The termination of parental rights is a civil matter. In the Interest of A.R.A.S., 278 Ga. App. 608 (1) (629 SE2d 822) (2006). Civil litigants typically do not enjoy a constitutional right to counsel. See, e.g., Turner v. Rogers, 564 U.S. 431, 441 (131 SCt 2507, 180 LE2d 452) (2011) (The Sixth Amendment does not apply to civil cases.) In this vein, the United States Supreme Court has held that the federal constitution does not require the appointment of counsel at every parental rights termination proceeding. See Lassiter v. Dept. of Social Services of Durham County, N.C., 452 U.S. 18, 31 (101 SCt 2153, 68 LE2d 640) (1981)). Thus, no indigent parent, including Mother, has a categorical constitutional right to the appointment of counsel. Id.9 The Lassiter Court also acknowledged, however, that there may be some indigent parents who are entitled to representation in a termination proceeding as a matter of due process, depending on those parents' individual circumstances. Id. at 30-31.10 In these situations, the trial court is to make the initial decision, on a case-by-case basis, as to whether the appointment of counsel is necessary to effect due process for the indigent parent whose parental rights are at stake. Id. at 31-32.
In Georgia, the legislature has decided as a matter of statutory law that a parent is entitled to the appointment of counsel during termination proceedings if the parent is found to be indigent. See the former OCGA § 15-11-98 (b) (2012).11 In this case, there is no dispute that Mother had counsel for proceedings that took place in the juvenile court. Rather the issues are (1) whether Mother was constitutionally entitled to counsel on appeal per Lassiter 12 and, if the answer to that inquiry is in the affirmative, (2) whether she received effective assistance. If the answer to the last question, should it be reached, is negative, then the final determination would be whether Mother is entitled to file an out-of-time application for discretionary review as a remedy.
The Court of Appeals was not authorized to consider any of these issues. First, since the application was untimely, the Court of Appeals lacked jurisdiction over the case. Gable v. State, 290 Ga. at 82. Secondly, as per Lassiter, such matters are first required to be considered by the trial court. 452 U.S. at 32. As such, any initial determinations as to whether this Mother was constitutionally entitled to the appointment of appellate counsel for the purpose of filing a discretionary application, whether this Mother's due process rights were frustrated by ineffective assistance of counsel, and whether this Mother is entitled to a remedy in the form of an out-of-time application for discretionary review, are for the juvenile court to decide. Of course, once the juvenile court makes such determinations, its decisions may be subject to appellate review. Id. Therefore, in this instance, the Court of Appeals should have dismissed Mother's application for out-of-time discretionary review by issuing an order with an explanation that Mother is to direct any initial request for such relief to the juvenile court.13
In sum, the juvenile court must make the initial determination whether an indigent parent is entitled to file an out-of-time application for discretionary review to remedy ineffective assistance of counsel if that parent was entitled to appointment of counsel as a matter of due process per Lassiter. In determining whether an indigent parent has a constitutional right to appointed appellate counsel, Lassiter instructs that the three elements propounded in Matthews v. Eldridge, 424 U.S. 319, 335 (96 SCt 893, 47 LE2d 18) (1976) form the backbone as to what due process requires. See Lassiter, 452 U.S. at 27. That is, there must be a balancing of the private interests at stake, the government interests at stake,14 and “the risk that the procedures will lead to erroneous decisions.” Id. See also Susan Calkins, “Ineffective Assistance of Counsel in Parental Rights Termination Cases: The Challenge for Appellate Courts,” 6 J. App. Prac. & Process 179, 193 (2004). 15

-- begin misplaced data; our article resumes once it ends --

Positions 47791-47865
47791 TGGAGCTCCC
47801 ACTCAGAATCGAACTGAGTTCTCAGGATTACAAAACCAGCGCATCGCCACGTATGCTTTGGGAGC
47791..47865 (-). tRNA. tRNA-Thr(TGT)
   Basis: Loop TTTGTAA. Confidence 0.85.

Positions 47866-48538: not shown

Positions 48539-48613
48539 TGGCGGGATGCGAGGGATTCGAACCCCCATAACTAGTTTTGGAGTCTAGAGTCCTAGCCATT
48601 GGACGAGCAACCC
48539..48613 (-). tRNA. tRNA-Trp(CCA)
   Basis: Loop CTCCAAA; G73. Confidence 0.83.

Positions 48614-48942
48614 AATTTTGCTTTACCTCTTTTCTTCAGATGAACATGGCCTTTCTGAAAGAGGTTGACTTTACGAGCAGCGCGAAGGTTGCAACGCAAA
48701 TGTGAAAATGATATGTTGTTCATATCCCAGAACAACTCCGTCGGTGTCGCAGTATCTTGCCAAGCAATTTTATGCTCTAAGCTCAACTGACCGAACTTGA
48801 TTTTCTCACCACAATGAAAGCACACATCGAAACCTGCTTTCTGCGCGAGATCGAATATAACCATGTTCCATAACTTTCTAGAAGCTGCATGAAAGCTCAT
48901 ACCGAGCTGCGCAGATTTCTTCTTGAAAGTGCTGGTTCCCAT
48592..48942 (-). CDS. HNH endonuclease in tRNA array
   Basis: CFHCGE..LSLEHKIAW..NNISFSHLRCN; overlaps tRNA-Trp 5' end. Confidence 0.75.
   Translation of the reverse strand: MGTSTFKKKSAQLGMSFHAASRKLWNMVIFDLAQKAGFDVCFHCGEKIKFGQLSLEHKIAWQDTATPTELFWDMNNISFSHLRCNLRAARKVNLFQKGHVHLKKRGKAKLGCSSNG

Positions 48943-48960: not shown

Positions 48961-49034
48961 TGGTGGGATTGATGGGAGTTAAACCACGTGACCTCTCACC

For the reasons detailed above, the Court of Appeals' judgment is vacated and on remand it is ordered to dismiss Mother's application for out-of-time discretionary review.
Judgment vacated and case remanded with direction. All the Justices concur.
1. The appointment of counsel in a termination of parental rights proceeding is now codified at OCGA § 15-11-262 as part of the new Juvenile Code.
2. The letter is dated December 10, 2013, but this date appears to be a scrivener's error and the letter was likely issued on December 10, 2012, five days after the termination of rights hearing took place on December 5, 2012, and a little over a month before the juvenile court issued the final termination order on January 14, 2013.
3. The letter, which is attached to Mother's application in the Court of Appeals, stated in pertinent part as follows:An appeal from a termination of parental rights case is discretionary by the Court of Appeals ․.At this time, it is my understanding from the circuit Public Defender ․ that you are not entitled to indigent defense for a discretionary appeal of a civil case (termination of parental rights). You can file a private appeal [without] indigent defense counsel within thirty days [from] the entry of final judgment. The final order should be entered within the next week.It should be noted as well that my contract with the Public Defender[']s Office does not include [appellate] work on any appeal or further action on this case would require appoint[ment] of another attorney.--․I am closing my case and any further questions should be directed to the ․Public Defender[']s Office.
4. Mother followed the direct appeal procedures set forth in OCGA §§ 5-6-34 and 5-6-37.
5. We note that the juvenile court was without authority to dismiss Mother's direct appeal simply because she was required to seek review by discretionary application. See OCGA § 5-6-48 (c); Castleberry's Food Co. v. Smith, 205 Ga. App. 859 (1) (424 SE2d 33) (1992) (a trial court is without authority to dismiss an appeal on jurisdictional grounds).
6. The facts concerning the merits of the underlying termination of rights action are irrelevant to this appeal.
7. OCGA § 5-6-35 (a) (12) became effective on January 1, 2008. Prior to that date, litigants in parental termination cases could file a direct appeal.